the discovery

‘Emil Nolde: In Radiance and Color’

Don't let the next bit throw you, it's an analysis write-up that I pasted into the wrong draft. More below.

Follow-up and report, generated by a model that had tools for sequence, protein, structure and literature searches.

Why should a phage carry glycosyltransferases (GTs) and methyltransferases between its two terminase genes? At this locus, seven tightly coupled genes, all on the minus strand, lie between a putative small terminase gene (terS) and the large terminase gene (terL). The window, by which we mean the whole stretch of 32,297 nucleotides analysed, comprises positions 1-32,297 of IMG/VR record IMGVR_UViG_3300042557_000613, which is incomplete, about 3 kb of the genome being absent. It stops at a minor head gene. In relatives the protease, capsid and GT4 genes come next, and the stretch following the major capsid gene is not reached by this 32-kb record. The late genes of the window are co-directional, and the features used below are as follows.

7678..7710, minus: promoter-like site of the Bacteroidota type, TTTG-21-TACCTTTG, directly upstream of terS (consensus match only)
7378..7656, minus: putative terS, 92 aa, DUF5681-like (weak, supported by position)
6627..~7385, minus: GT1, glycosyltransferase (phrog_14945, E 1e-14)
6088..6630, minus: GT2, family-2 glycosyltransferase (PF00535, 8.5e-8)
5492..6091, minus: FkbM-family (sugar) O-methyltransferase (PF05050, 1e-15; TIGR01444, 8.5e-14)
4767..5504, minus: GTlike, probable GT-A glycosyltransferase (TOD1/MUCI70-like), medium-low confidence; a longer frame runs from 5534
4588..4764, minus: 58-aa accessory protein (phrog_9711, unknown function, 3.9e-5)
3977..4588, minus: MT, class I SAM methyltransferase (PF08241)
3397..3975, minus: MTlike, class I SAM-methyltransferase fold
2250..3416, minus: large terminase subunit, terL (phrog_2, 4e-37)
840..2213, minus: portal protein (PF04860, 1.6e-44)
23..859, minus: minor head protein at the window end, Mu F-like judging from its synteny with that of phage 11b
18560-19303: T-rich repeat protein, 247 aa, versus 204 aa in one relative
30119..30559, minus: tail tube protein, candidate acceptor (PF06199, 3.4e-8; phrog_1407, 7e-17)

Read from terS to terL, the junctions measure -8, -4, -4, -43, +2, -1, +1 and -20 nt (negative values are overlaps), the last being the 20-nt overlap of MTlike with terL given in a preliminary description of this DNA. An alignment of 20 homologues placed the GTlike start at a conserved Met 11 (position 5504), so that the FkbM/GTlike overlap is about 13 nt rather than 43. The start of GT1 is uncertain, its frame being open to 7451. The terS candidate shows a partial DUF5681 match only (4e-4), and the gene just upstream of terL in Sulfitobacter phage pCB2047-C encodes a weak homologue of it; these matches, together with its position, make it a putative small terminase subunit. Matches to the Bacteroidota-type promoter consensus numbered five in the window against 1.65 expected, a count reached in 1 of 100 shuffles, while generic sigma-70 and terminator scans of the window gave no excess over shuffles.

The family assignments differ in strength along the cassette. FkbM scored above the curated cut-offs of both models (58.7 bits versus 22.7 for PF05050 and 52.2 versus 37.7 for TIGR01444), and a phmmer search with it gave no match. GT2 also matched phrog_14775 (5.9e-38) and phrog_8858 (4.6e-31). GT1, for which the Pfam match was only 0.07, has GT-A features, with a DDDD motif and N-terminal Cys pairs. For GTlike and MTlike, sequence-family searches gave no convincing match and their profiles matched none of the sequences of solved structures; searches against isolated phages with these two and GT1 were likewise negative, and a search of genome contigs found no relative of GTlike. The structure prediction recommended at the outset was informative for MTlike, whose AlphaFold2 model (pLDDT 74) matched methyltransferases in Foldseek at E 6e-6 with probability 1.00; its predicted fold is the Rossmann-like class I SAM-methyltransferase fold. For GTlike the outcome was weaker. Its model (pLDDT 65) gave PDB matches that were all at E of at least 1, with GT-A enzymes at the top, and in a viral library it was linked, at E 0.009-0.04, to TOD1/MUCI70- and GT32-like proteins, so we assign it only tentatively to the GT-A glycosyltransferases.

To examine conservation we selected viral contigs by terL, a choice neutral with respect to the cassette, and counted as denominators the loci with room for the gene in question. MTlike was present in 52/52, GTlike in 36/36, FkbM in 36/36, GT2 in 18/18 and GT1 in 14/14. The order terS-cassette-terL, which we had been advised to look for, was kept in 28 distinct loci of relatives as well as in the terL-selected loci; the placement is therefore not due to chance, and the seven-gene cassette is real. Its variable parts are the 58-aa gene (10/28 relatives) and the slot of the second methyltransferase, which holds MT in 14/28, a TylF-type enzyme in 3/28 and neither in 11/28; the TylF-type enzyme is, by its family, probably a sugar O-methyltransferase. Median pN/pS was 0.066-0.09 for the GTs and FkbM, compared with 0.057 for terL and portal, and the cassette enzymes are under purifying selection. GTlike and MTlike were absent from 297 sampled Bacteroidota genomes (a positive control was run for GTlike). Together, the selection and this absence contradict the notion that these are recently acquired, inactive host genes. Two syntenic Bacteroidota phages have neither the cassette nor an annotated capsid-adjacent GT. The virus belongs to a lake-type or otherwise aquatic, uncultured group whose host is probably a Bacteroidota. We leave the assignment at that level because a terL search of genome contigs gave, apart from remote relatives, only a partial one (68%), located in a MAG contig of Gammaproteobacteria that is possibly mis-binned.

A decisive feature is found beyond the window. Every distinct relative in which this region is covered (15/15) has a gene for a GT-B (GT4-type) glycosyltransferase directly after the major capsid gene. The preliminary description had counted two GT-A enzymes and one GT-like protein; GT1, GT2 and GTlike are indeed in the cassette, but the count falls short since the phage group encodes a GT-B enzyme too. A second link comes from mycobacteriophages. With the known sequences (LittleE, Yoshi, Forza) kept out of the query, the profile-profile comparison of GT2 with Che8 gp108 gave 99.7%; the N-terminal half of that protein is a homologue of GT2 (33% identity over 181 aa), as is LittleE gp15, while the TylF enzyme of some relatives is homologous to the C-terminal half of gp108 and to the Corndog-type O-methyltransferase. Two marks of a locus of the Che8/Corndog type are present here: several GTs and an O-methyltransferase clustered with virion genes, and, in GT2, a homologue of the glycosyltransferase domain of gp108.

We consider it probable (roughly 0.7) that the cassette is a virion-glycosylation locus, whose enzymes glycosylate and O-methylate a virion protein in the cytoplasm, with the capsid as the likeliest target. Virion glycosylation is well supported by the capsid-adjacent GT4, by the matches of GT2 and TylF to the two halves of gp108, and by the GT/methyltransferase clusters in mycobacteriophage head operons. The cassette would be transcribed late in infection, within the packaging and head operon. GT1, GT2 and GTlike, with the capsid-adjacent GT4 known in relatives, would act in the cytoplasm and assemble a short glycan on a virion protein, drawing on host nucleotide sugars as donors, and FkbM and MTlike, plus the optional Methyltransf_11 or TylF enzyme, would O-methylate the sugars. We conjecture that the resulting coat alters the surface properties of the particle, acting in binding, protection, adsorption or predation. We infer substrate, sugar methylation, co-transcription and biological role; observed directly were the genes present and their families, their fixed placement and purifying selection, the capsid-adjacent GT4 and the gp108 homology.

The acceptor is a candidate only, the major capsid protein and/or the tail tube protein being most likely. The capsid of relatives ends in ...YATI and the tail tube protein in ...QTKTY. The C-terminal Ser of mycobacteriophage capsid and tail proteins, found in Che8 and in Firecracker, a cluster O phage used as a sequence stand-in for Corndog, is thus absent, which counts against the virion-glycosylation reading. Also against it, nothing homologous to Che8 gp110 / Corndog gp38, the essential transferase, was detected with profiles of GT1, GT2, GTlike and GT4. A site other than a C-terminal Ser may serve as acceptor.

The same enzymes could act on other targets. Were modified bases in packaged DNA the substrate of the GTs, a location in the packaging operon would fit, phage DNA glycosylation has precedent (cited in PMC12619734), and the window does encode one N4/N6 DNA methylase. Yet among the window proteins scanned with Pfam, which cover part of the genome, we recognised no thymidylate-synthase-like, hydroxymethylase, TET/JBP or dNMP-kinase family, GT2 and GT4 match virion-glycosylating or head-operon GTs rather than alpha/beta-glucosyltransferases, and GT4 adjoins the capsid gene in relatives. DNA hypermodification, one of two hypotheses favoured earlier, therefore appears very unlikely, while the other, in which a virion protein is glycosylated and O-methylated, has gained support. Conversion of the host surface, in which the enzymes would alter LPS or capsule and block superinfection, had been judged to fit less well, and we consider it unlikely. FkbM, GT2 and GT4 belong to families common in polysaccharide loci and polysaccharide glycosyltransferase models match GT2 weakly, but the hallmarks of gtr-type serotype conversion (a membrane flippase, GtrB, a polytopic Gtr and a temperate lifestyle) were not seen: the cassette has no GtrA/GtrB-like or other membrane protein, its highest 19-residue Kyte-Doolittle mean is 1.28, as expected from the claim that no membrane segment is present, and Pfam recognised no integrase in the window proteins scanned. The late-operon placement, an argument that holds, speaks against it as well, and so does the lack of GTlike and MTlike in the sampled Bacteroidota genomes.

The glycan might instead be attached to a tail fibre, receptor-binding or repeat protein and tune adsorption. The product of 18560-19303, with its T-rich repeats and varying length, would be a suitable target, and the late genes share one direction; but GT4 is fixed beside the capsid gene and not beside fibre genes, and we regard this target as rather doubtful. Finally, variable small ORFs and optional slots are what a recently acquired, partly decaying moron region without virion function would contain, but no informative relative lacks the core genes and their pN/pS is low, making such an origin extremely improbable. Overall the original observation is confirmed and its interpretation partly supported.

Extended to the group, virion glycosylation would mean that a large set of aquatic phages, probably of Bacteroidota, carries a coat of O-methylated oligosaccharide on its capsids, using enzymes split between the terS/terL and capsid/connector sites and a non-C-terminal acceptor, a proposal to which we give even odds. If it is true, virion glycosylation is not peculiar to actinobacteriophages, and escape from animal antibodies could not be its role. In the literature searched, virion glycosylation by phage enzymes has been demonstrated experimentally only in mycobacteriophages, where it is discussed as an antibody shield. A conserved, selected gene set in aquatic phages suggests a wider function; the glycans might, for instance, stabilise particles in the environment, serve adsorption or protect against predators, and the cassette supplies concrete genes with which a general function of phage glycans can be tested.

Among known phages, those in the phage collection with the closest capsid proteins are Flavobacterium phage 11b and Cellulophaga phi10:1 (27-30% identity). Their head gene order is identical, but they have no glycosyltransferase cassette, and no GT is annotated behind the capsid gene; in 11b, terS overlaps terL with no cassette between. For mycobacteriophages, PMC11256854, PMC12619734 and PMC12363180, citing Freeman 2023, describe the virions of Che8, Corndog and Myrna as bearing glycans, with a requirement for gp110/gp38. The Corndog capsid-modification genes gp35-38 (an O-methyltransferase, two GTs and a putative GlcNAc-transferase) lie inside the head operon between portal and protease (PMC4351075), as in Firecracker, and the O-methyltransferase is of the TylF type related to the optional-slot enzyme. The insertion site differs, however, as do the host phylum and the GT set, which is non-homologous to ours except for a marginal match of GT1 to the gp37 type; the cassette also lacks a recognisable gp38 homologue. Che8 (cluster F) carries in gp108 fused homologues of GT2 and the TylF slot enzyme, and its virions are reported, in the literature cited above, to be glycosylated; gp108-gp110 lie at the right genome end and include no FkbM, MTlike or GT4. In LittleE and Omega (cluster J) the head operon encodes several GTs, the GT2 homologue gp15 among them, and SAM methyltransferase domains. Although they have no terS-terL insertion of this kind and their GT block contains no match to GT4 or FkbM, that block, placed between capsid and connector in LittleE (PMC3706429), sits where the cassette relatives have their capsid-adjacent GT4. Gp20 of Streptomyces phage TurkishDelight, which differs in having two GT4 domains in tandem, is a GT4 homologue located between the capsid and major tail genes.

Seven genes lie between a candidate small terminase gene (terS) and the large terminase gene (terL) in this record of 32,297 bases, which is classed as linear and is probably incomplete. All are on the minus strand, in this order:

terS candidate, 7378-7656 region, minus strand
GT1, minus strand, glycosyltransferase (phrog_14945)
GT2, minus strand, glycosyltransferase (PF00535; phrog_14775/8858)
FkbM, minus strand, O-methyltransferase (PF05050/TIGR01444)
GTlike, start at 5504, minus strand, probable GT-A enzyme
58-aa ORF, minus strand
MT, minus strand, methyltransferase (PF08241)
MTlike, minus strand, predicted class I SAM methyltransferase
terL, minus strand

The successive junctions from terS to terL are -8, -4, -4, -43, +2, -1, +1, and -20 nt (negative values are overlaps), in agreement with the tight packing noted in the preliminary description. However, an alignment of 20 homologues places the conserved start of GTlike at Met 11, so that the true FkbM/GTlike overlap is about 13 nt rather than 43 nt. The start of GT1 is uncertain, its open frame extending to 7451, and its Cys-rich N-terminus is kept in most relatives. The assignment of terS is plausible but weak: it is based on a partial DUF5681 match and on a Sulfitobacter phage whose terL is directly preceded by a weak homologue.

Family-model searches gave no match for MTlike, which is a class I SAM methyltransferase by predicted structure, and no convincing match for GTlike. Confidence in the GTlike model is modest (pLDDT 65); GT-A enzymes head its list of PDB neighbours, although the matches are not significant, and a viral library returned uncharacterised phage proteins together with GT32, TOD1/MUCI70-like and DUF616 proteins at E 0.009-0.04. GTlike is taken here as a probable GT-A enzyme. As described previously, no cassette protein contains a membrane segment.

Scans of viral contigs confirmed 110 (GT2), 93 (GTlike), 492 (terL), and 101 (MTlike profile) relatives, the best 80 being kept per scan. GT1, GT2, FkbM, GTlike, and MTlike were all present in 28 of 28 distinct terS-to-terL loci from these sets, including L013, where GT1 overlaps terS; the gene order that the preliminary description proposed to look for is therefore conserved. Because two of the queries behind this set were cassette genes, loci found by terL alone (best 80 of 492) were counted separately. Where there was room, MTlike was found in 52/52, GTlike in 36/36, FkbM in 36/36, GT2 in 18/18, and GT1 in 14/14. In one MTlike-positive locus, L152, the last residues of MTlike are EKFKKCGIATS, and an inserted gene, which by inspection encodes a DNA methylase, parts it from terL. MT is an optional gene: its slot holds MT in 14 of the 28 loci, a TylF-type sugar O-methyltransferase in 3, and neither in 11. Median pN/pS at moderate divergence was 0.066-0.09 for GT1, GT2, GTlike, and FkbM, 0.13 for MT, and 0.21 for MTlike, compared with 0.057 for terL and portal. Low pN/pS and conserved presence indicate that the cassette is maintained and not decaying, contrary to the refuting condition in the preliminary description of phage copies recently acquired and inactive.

German expressionist Emil Nolde in 1923 misguidedly described Adolf Hitler as “great and noble in his ambitions.” Nolde produced bright, bold portraits and landscapes, reminiscent of Gauguin and Van Gogh. By the 1940s, more than 1,000 of Nolde’s paintings, derided as “degenerate art” by the Nazis, were confiscated from German museums, and Nolde was ordered to stop painting. “Emil Nolde: In Radiance and Color” (Hirmer), edited by Agnes Husslein-Arco and Stephan Koja, traces the artist’s career with more than 100 full-color reproductions, focusing on the watercolors he created in secret. JAN GARDNER

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